The Best of the Rest
Finding Vivian Maier – Oscar nominated documentary that uncovers the life of a New York based photographer whose phenomenal body of work was only discovered after her death. (October 10)
Altman – Documentary that explores the life and times of legendary Hollywood filmmaker Robert Altman, director of MASH, McCabe & Mrs. Miller, Nashville and many more. (October 3)
Turbo Kid – Retro 80s fun as a BMX riding kid rides around a post-apocalyptic earth and does battle with a scenery-chewing Michael Ironside. (October 3)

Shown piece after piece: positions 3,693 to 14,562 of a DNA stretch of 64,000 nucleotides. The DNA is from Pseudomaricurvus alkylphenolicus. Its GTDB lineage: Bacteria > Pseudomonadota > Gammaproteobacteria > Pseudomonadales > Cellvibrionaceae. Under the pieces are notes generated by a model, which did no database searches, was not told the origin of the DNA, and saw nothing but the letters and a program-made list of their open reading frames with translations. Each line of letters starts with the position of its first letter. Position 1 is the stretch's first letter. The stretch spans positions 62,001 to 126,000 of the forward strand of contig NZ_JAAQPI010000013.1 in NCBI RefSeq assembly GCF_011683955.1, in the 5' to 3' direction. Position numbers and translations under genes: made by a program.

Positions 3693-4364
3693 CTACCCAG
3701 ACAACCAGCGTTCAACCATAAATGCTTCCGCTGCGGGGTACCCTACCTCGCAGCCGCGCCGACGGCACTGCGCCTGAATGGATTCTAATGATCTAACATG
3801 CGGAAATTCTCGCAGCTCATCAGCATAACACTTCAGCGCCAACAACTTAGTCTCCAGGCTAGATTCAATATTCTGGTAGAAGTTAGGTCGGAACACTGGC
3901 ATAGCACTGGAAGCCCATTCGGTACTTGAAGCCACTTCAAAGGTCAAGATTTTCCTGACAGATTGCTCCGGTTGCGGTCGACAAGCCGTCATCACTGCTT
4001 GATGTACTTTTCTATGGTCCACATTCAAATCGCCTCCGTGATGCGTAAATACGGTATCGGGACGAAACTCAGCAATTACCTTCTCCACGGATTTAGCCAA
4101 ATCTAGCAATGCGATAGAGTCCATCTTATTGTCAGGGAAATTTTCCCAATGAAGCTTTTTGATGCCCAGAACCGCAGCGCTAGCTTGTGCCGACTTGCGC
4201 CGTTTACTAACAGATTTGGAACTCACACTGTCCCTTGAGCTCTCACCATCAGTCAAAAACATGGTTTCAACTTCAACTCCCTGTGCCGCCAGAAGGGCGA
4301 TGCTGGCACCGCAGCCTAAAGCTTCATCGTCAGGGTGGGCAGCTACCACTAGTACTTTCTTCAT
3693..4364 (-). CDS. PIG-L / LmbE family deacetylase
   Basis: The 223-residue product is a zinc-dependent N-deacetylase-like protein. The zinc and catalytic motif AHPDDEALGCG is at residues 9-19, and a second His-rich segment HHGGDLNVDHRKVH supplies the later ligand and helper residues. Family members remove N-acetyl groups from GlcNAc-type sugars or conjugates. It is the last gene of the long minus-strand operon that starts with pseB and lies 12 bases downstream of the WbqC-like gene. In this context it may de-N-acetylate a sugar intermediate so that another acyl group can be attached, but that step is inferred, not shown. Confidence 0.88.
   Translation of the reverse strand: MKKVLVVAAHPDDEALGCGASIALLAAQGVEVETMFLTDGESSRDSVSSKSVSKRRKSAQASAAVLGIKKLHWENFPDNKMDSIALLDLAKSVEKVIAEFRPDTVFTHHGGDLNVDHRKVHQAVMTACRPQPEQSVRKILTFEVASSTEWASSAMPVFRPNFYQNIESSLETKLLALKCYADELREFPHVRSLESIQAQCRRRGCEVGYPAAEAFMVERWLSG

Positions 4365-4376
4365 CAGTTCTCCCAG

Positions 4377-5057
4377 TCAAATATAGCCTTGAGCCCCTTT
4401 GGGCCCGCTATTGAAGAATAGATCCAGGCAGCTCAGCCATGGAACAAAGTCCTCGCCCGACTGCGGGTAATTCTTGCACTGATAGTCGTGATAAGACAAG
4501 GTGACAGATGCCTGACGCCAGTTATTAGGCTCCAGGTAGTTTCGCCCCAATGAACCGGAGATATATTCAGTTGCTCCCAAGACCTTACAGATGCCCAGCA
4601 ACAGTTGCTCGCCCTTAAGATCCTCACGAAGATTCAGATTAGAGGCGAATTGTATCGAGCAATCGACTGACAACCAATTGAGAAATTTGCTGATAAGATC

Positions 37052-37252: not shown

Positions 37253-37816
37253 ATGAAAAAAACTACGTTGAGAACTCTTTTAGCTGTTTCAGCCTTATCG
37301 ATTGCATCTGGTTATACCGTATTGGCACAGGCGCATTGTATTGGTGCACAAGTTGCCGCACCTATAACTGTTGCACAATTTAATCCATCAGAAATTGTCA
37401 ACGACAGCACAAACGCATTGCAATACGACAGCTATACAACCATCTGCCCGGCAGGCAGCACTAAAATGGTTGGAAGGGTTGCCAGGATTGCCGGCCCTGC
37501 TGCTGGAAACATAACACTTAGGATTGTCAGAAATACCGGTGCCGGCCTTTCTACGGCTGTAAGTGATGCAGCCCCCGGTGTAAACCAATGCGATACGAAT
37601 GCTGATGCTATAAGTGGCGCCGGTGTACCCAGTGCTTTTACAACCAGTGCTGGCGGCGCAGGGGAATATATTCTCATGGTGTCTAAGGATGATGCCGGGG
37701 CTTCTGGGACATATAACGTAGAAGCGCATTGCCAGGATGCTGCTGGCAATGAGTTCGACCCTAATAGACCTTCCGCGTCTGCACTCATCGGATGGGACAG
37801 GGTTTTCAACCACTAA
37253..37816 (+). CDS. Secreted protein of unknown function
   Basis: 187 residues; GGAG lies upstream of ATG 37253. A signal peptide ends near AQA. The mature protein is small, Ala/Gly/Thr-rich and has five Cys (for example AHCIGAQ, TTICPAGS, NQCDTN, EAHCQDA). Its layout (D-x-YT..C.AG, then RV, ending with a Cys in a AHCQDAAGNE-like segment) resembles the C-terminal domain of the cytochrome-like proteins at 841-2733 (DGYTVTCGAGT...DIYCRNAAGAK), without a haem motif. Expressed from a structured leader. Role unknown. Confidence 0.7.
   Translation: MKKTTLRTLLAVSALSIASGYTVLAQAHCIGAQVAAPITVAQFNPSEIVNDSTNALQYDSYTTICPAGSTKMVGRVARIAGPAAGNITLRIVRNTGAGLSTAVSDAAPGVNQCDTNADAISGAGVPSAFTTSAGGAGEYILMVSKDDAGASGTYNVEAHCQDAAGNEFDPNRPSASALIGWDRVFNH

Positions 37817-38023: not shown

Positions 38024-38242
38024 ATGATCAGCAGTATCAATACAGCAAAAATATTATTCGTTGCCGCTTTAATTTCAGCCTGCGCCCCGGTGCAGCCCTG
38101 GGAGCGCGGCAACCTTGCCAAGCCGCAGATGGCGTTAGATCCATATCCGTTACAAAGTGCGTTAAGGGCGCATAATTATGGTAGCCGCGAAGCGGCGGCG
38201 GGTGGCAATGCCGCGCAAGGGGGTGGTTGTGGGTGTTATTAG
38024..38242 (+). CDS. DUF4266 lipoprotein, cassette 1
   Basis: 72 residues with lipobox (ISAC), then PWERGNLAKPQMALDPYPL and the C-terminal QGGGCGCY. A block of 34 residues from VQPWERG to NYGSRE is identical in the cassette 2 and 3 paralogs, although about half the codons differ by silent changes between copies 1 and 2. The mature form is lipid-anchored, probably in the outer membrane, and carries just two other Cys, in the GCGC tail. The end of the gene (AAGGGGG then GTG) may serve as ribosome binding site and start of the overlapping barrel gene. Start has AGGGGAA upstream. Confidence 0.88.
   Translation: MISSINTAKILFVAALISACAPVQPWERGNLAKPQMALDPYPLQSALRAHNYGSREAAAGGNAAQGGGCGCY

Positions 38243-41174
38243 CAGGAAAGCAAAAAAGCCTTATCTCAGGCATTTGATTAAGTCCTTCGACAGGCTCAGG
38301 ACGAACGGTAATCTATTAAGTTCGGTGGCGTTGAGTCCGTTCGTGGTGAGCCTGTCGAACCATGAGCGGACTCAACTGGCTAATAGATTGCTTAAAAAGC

Pitch Perfect 2 – All-female singing group The Bellas return for another round of musical comedy. Breakout stars from the first film Anna Kendrick and Rebel Wilson return to head the ensemble cast. (October 9)
Magic Mike XXL – After three years out of the game, Channing Tatum’s Mike returns to the world of stripping for one last shot at glory in this comedy-drama sequel. (October 17)
Maze Runner: The Scorch Trials – Sci-fi action sequel as the escapees from the first film enter the “Scorch,” a post-apocalyptic landscape filled with deadly obstacles. (October 23)